05 Nov 2012

In your face Propaganda and the Presidential Campaigns

Everyone has used or at least has

05 Nov 2012

Everyone has used or at least has heard of one social network site by now. They have become a source of information for me and others to socialise, to connect to organisations, and relate to other individuals over common interests and interesting issues. Some people even use them to escape from reality and create a virtual life for themselves using more old-school platforms like Second life, so it is clear to see that social networking can be a really powerful and cost effective tool for any organisation to tap into.

So much so that in the last U.S presidential campaign Obama won his fight with his opponent Hillary Clinton and John McCain over the response he received on his Facebook campaign which created an incredible amount of online coverage. The campaign was one of the first in the presidential history to recognise the importance and relevance of social networking amongst potential voters using tools such as Facebook, Twitter and Google. The ‘Pew Internet & American Life Project’ reported that in the 2008 election “more than half the voting-age population used the internet to connect to the political process during an election cycle.”

However, Mitt Romney’s strategic digital planner believes that just because Obama won those campaigns in 2008 doesn’t necessary mean to say he will again this year. He makes a very good point to say “If that was the case, Google wouldn’t be adapting, and Microsoft and Xerox would still be running things.”

And so, Mitt’s campaign has taken a step further by diversifying its digital strategy and recognising the use of other social media tools such as Pinterest and Instagram with Mitt’s wife Ann Romney posting content that is targeting a much more female audience.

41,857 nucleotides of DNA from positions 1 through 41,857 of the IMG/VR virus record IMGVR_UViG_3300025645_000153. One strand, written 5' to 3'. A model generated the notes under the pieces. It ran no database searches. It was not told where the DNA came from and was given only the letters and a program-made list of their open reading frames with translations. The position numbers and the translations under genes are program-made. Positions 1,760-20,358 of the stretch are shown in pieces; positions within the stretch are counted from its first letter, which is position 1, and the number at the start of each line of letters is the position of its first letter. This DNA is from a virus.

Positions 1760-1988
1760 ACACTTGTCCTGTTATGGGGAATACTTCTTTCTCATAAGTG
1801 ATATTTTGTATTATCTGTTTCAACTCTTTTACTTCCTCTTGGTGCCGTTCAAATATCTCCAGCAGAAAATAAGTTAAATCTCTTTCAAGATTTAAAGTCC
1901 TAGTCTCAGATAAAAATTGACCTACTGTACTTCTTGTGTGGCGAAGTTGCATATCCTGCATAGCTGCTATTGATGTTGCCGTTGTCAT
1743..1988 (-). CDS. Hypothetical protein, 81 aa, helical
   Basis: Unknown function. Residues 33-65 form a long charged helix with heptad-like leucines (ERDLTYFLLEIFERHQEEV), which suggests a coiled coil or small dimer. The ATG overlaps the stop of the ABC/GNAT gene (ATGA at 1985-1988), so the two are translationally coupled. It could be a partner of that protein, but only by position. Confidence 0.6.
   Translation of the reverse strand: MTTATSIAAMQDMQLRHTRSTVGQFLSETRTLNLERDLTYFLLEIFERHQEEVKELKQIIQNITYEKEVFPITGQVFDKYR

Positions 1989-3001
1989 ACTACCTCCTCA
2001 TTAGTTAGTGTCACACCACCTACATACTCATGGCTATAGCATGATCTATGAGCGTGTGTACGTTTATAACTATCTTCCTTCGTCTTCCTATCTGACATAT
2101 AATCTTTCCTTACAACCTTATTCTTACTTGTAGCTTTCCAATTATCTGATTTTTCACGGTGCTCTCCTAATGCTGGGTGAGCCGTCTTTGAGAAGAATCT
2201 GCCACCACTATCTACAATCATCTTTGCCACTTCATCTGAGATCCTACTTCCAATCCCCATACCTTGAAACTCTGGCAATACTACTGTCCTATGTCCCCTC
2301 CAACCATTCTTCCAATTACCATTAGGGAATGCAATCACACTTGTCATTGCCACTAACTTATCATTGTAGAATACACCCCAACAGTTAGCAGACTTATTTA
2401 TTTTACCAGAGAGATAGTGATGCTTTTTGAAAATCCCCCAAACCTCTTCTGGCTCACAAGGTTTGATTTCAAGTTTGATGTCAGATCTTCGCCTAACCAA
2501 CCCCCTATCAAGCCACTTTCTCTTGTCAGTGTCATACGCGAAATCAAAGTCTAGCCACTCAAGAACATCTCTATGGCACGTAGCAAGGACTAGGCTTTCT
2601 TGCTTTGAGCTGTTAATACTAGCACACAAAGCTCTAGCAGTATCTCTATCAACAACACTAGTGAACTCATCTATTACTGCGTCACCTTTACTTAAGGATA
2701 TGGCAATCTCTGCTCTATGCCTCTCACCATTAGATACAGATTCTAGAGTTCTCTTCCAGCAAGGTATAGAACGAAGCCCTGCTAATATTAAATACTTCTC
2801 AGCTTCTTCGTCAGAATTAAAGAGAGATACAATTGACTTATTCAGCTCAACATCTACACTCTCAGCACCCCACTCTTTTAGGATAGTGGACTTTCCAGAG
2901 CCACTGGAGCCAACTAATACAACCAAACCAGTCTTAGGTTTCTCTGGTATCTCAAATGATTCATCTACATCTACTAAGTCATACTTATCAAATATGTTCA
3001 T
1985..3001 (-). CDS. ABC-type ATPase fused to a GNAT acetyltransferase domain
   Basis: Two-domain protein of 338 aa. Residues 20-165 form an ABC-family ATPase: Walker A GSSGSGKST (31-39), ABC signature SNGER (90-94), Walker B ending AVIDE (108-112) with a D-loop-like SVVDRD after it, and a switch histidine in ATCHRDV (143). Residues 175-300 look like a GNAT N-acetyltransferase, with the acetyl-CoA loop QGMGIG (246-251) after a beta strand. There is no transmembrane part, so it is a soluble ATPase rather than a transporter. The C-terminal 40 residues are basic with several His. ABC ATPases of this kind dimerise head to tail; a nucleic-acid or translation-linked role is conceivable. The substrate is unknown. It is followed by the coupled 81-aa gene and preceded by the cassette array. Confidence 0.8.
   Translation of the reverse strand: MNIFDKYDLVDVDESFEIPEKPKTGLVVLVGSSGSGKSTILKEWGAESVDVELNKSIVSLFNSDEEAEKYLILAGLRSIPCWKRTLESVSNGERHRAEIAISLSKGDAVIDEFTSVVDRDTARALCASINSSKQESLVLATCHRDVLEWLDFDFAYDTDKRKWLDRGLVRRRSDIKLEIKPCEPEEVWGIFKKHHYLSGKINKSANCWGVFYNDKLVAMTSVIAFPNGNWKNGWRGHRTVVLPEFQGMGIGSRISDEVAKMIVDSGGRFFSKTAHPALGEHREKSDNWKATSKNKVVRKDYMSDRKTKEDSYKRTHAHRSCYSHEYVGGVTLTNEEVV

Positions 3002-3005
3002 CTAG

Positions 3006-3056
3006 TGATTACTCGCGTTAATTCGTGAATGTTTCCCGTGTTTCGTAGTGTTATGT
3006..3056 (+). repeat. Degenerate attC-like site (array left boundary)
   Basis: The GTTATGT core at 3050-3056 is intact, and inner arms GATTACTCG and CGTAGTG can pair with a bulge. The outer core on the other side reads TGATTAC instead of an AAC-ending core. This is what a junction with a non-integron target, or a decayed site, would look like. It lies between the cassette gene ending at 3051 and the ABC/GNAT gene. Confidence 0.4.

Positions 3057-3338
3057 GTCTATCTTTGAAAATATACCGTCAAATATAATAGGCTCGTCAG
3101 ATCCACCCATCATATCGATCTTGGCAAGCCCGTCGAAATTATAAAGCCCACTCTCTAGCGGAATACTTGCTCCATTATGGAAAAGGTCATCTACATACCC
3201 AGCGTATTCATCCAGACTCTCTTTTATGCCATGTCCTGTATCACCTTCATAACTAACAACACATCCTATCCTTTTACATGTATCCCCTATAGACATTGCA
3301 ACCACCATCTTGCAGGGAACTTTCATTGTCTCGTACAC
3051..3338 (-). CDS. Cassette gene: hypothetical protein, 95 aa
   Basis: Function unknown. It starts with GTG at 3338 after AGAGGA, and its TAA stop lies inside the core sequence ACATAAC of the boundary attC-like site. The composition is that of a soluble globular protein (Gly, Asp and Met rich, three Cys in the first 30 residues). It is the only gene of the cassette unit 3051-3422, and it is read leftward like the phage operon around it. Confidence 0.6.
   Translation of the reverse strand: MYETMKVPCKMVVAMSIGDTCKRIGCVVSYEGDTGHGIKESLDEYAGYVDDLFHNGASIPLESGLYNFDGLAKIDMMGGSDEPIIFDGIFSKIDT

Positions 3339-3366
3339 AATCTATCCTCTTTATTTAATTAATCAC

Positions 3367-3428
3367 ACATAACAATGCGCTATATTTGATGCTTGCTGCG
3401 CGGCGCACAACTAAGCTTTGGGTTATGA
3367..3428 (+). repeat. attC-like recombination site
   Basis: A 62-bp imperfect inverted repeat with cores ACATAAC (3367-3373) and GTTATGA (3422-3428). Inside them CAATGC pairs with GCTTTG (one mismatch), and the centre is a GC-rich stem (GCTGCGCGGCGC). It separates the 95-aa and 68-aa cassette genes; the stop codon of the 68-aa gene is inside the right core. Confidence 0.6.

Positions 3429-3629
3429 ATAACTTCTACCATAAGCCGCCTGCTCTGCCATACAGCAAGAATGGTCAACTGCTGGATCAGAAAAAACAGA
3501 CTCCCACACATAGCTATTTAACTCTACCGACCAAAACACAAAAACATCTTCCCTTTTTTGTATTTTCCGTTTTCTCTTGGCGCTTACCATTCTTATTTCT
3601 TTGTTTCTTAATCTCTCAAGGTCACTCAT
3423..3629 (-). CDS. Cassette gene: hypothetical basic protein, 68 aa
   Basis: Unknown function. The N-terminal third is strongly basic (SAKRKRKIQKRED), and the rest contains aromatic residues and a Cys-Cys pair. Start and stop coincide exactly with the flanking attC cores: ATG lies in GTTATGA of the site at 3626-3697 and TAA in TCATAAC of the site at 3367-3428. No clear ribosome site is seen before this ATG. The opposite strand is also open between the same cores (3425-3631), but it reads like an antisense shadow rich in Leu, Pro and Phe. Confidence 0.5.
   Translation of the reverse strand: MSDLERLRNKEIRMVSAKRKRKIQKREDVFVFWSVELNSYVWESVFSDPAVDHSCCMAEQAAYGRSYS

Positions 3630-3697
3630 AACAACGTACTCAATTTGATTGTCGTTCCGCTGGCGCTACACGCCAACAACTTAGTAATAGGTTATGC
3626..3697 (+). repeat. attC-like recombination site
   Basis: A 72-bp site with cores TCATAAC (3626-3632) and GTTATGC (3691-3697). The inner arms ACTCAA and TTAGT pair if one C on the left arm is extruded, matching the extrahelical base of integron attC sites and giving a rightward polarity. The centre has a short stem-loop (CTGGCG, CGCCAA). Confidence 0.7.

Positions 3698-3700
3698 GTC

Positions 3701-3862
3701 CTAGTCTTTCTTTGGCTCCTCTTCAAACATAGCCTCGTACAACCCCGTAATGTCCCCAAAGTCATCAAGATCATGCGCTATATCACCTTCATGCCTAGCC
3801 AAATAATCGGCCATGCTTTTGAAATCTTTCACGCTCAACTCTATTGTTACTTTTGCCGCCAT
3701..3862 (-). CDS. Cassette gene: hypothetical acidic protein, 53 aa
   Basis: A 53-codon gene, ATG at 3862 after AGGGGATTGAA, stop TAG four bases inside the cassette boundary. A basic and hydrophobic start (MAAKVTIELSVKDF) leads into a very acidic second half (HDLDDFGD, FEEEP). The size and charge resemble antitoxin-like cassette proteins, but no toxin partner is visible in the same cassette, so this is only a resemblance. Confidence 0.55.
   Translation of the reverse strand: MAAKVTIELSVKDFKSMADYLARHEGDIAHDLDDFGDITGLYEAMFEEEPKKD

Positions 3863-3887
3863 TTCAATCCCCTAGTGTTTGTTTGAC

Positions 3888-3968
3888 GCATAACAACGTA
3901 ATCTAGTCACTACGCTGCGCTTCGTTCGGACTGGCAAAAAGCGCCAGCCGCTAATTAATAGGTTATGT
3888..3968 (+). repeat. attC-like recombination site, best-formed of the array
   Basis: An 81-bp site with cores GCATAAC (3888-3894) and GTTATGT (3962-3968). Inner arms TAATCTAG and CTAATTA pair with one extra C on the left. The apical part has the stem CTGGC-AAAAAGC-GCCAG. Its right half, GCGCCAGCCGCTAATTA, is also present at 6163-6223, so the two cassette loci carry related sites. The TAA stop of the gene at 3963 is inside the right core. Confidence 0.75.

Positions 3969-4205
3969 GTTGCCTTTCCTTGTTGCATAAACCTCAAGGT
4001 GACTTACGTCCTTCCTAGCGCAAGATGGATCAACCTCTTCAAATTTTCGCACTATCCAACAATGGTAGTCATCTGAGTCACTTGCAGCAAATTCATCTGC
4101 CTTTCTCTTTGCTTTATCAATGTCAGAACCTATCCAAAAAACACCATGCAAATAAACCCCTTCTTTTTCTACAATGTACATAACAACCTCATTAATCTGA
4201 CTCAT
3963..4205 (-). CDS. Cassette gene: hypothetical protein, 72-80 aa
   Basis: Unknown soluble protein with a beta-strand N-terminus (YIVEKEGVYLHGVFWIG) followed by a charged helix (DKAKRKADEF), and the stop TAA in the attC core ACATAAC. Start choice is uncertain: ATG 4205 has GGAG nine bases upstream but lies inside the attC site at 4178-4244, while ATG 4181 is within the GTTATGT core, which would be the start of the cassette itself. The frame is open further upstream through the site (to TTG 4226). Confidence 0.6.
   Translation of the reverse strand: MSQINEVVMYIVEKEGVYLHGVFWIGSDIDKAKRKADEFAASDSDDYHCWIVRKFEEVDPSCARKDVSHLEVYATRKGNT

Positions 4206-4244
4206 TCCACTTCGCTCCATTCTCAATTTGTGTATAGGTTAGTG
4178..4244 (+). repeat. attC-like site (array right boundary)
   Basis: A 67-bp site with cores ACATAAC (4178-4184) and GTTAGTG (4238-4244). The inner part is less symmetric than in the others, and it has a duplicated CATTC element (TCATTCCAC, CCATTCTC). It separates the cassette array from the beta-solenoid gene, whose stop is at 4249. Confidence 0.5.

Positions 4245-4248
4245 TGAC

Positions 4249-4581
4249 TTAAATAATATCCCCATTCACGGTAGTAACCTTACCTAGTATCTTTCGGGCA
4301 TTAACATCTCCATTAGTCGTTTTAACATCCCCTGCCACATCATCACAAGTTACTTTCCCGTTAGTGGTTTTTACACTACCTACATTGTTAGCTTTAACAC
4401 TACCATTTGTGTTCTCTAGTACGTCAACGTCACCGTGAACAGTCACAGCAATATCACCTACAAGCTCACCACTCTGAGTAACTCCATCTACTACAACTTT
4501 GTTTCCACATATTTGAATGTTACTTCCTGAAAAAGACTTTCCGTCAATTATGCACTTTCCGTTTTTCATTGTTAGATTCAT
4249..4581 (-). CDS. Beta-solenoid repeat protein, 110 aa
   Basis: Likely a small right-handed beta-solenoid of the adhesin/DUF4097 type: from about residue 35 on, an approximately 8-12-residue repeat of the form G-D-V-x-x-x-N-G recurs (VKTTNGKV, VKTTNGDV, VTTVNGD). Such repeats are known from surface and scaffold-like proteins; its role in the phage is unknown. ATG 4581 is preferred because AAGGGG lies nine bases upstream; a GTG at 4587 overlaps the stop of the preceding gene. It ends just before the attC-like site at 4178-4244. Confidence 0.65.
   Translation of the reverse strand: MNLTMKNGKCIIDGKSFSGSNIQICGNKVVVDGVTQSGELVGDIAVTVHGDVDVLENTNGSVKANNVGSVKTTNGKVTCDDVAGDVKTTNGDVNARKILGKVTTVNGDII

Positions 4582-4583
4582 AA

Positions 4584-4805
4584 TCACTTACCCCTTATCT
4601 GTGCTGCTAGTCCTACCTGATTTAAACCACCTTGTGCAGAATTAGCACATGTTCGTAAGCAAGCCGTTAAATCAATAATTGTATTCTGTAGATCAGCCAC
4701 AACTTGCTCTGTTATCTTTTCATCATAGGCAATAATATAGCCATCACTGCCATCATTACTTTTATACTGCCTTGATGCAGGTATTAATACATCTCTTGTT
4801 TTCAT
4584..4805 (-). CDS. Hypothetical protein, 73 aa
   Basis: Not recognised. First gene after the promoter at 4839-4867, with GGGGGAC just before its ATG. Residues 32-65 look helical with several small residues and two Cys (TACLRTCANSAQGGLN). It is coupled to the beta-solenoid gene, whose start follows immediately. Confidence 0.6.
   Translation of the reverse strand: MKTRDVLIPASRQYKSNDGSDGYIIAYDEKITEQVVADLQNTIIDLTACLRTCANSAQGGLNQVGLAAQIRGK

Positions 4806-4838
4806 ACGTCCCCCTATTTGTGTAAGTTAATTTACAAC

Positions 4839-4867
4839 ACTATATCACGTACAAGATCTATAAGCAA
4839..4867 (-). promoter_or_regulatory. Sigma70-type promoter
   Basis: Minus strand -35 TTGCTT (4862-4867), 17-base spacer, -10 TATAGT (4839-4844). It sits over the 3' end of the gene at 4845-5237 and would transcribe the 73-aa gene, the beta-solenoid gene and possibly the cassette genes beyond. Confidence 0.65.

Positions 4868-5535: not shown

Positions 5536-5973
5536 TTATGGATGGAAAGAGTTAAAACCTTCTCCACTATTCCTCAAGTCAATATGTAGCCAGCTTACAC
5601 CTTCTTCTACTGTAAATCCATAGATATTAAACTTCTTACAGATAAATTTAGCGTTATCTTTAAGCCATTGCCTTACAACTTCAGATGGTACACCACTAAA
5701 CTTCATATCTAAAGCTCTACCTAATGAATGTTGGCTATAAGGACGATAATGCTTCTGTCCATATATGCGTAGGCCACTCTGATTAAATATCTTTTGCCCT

I believe that engaging your audience in a much ‘less formal’ manner will certainly encourage voters and help them to relate to the candidates easier ,which should result in higher numbers of votes and more polling success. The individuals voting will also be much better informed than on years gone by and by using platforms that are widely available they should also be reaching a much younger demographic. You never know it might increase the voting rate of the younger generation.

However, a problem arises in this study that clearly shows the aging population is on the rise, which means that viral campaigns such as these can be at a disadvantage with certain age groups not taking part in the whole campaign cycle and missing out. For instance, it took me a good year to teach my mum how to use Facebook and that process is still on-going, and my dad has no idea what Twitter actually is. With all that in mind and having such a huge age range to target it is important to note that instead of finding more social network tools to bombard people with, I think it would be more effective to make it the campaigns more accessible for all generations to use and understand no matter what platform the campaigns are run on.

I would love to hear your thoughts/comments.

Thanks

Rokhi

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